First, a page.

'Hypertensive crisis' hospitalizations have soared since 2002: 3 study findings 

Blood pressure spikes, or hypertensive crises, hospitalizations nearly doubled in the U.S. from 2002 to 2014, a study published Jan. 27 in the Journal of the American Heart Association found.

Researchers analyzed data from the National Inpatient Sample involving sex‐pooled and sex‐specific trends in hypertensive crisis hospitalization and case fatality rates over serial time periods: 2002 to 2006, 2007 to 2011, and 2012 to 2014.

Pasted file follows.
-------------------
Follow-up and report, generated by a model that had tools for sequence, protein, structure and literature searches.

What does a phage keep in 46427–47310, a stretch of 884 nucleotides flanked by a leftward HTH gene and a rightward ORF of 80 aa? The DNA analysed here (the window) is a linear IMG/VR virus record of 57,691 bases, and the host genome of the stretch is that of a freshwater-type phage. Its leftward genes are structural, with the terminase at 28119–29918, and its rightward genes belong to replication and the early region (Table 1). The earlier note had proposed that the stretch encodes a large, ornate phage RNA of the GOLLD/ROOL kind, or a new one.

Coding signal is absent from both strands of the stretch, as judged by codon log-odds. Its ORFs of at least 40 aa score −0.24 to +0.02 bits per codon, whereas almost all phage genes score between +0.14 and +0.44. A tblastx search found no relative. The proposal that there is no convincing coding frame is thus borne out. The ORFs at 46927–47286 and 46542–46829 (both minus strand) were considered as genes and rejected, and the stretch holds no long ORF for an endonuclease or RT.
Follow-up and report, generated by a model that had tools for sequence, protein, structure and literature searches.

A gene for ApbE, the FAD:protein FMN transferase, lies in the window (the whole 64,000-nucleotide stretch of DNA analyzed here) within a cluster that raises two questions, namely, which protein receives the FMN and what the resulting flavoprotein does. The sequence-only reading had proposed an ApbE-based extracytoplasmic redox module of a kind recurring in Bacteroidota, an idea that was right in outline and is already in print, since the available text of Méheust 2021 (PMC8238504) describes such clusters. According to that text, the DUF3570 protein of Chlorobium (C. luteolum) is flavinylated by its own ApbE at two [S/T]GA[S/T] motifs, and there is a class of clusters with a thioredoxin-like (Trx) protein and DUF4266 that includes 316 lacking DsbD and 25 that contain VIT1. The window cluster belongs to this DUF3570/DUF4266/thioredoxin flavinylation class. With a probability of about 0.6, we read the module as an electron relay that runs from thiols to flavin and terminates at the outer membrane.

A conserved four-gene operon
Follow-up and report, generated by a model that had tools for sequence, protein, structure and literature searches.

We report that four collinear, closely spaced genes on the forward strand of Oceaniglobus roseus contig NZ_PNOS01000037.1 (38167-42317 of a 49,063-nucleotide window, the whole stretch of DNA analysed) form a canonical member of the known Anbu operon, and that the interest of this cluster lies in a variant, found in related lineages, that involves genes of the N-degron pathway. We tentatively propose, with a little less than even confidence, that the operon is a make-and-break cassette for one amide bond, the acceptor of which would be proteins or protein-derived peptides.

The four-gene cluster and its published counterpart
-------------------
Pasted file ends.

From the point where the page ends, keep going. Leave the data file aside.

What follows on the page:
Three key findings: 

  • There were more than 918,000 hospitalizations and nearly 4,400 in-hospital deaths related to hypertensive crises nationwide. 

  • Hypertensive crises accounted for 0.17 percent of all hospital admissions for men in 2002 and 0.39 percent in 2014. 

  • Hypertensive crises accounted for 0.16 percent of hospitalizations for women in 2002 and 0.34 percent in 2014.

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